The insurance companies are not that stupid! They are in the risk assessment business and when they see two or three Unsafe Operation tickets on one’s MVR they know it was plea bargained from a speeding or other ticket so they use them to put one in an apropriate tier as if it were a speeding ticket or other moving violation. So one is really not saving anything! When these tickets first started many companies didn’t charge for them but now all I work with do.

  5. Ken Curtis Says:

    Sandy is correct. Most Insurance comapnies disregard the point value of minor Traffic violations. It has been this way for several years. A driving in an unsafe maner with 0 points is just as distructive to your insurance premium as careless driving, red light,minor speeding or any other 2 point ticket. See my blog at http://www.kencurtisagency.com.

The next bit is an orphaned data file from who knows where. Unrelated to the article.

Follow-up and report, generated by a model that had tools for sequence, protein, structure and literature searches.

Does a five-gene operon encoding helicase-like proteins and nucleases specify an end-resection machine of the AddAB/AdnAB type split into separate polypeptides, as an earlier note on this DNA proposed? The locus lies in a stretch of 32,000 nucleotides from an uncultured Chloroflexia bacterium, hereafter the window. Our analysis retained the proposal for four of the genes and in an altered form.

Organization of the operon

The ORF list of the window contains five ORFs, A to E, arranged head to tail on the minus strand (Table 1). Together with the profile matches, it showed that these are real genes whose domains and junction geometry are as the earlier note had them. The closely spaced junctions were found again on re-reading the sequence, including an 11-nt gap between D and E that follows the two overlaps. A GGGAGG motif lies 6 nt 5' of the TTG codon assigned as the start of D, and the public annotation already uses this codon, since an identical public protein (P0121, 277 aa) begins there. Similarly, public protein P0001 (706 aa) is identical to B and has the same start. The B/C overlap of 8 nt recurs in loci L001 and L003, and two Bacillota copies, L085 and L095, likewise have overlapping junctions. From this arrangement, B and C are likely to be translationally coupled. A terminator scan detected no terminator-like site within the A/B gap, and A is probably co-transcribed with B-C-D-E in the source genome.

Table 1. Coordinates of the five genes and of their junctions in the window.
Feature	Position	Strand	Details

Discuss the impact points will have on your insurance premium with your agent before you call an attorney or pay an additional fine for the sole purpose of eliminating points. The legal profession seems to be ignorant of this fact and continue to advise clients to accept the higher fine rather than get points on their driving record.

  6. sq Says:

    bottom line in NJ, you think its better to pay extra up front to get “unsafe operation” rather than speeding with 2 pts and guess what, the insurance company knows exactly how the game works and you get screwed for more $. the idea behind paying extra for the “unsafe operation” was to avoid paying more over the long term via insurance premiums. you’re still penalized, you still have to go to court so the disincentive not to obey the law is there, its not like you can do this over and over. you cant avoid the points if you get 2 or more tickets in a 2 yr period.